Computer Vision for Atmospheric Turbulence: Generation, Restoration, and its Applications

Shyam Nandan Rai


Real-world images often suffer from variation in weather conditions such as rain, fog, snow, and temperature. These variations in the atmosphere adversely affect the performance of computer vision models in real-world scenarios. This problem can be bypassed by collecting and annotating images for each weather. However, collecting and annotating images in such conditions is an extremely tedious task, which is time-consuming as well as expensive. So, in this work, we address the forementioned problems. Among all the weather conditions, we focus on the distortions in the image caused by high temperature, also known as atmospheric turbulence. These distortions introduce geometrical deformation around the boundaries of an object in an image which causes a vision algorithm to perform poorly and pose a major concern. Hence, in this thesis, we address the problem of artificially generating atmospheric turbulence and restoring the images from it. In the first part of our work, we attempt to model atmospheric turbulence. Since such models are critical to extending computer vision solutions developed in the laboratory to real-world use cases. And, simulating atmospheric turbulence by using statistical models or by computer graphics is often computationally expensive. To overcome this problem, we train a generative adversarial network(GAN) which outputs an atmospheric turbulent image by utilizing less computational resources than traditional methods. We propose a novel loss function to efficiently learn the atmospheric turbulence at the finer level. Experiments show that by using the proposed loss function, our network outperforms the existing state-of-the-art image to image translation network in turbulent image generation. In the second part of the thesis, we address the ill-posed problem of restoring images degraded due to atmospheric turbulence. We propose a deep adversarial network to recover the images which are distorted due to atmospheric turbulence and show the applicability of restored images in several tasks. Unlike previous methods, our approach neither uses any prior knowledge about atmospheric turbulence conditions at inference time nor requires the fusion of multiple images to get a single restored image. To train our models, we synthesized turbulent images by following a series of efficient 2D operations. Thereafter, using our trained models we run inference on real and synthesized turbulent images. Our final restoration models DT-GAN+ and DTD-GAN+ qualitatively and quantitatively outperforms the general state-of-the-art image-to-image translation models. The improved performance of our model is due to the use of optimized residual structures along with channel attention and sub-pixel mechanism which exploits the information between the channels and removes atmospheric turbulence at the finer level. We also perform extensive experiments on restored images by utilizing them for downstream tasks such as classification, pose estimation, semantic keypoint estimation, and depth estimation. In the third part of our work, we study the problem of the semantic segmentation model in adapting to hot climate cities. This issue can be circumvented by collecting and annotating images in such weather conditions and training segmentation models on those images. But, the task of semantically annotating images for every environment is painstaking and expensive. Hence, we propose a framework that improves the performance of semantic segmentation models without explicitly creating an annotated dataset for such adverse weather variations. Our framework consists of two parts, a restoration network to remove the geometrical distortions caused by hot weather and an adaptive segmentation network that is trained on an additional loss to adapt to the statistics of the ground-truth segmentation map. We train our framework on the Cityscapes dataset, which showed a total IoU gain of 12.707 over standard segmentation models. In the last part of our work, we improve the performance of our joint restoration and segmentation network via a feedback mechanism. In, the previous approach the restoration network does not learn directly from the errors of the segmentation network. In other words, the restoration network is not task aware. Hence, we propose a semantic feedback learning approach, which improves the task of semantic segmentation giving a feedback response into the restoration network. This response works as an attend and fix mechanism by focusing on those areas of an image where restoration needs improvement. Also, we proposed loss functions: Iterative Focal Loss (iFL) and Class-Balanced Iterative Focal Loss (CBiFL), which are specifically designed to improve the performance of the feedback network. These losses focus more on those samples that are continuously miss-classified over successive iterations. Our approach gives a gain of 17.41 mIoU over the standard segmentation model, including the additional gain of 1.9 mIoU with CB-iFL on the Cityscapes dataset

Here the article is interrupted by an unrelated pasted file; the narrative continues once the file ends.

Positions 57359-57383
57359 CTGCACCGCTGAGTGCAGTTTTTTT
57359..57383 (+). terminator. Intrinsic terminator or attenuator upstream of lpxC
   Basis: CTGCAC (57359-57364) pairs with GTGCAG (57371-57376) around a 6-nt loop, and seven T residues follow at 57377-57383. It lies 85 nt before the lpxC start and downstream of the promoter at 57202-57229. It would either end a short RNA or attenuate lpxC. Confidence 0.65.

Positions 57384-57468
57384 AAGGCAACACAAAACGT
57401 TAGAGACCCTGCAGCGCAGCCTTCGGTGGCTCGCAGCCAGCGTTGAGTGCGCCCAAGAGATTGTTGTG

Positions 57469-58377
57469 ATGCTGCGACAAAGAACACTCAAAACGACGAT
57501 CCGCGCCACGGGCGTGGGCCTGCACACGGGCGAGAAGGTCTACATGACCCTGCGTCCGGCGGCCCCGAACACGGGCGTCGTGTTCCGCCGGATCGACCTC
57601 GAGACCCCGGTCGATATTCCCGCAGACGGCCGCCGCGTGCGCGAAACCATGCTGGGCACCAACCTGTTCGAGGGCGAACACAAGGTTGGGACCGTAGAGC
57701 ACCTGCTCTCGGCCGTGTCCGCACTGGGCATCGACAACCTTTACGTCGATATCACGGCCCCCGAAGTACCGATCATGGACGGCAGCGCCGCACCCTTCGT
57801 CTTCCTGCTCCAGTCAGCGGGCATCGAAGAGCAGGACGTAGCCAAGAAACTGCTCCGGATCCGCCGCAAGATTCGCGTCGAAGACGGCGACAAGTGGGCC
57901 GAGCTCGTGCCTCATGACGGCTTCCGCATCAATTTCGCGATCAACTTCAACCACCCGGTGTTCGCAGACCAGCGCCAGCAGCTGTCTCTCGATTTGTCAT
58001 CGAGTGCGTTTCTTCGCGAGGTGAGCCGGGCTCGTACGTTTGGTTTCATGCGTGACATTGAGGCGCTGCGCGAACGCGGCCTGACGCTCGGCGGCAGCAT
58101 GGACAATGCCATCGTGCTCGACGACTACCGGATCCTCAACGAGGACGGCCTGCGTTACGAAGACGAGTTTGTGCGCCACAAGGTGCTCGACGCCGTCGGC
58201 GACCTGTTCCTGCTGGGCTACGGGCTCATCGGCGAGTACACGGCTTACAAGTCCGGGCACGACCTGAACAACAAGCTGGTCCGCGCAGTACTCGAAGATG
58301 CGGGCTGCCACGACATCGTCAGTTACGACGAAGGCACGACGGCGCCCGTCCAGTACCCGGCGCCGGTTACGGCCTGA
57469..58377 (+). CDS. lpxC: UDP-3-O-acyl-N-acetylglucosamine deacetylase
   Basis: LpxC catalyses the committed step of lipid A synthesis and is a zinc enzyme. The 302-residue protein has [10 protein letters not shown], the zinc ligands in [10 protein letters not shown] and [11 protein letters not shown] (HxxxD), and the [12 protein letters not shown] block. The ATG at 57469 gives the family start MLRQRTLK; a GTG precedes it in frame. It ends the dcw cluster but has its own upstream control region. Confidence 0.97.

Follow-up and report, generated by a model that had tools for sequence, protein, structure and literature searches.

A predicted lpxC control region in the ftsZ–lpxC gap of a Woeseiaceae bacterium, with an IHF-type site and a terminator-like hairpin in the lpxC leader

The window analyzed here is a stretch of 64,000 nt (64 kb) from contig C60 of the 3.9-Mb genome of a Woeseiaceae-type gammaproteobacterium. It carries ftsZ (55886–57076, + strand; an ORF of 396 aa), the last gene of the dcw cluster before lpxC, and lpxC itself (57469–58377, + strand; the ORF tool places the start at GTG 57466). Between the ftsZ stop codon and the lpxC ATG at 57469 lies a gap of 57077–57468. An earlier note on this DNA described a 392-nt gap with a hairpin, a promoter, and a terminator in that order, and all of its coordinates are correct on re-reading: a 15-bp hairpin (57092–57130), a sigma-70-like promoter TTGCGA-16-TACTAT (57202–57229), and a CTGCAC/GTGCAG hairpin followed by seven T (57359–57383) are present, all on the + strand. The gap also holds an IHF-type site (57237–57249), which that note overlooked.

Year of completion:  December 2020
 Advisor : C V Jawahar,Vineeth Balasubramanian,Anbumani Subramanian

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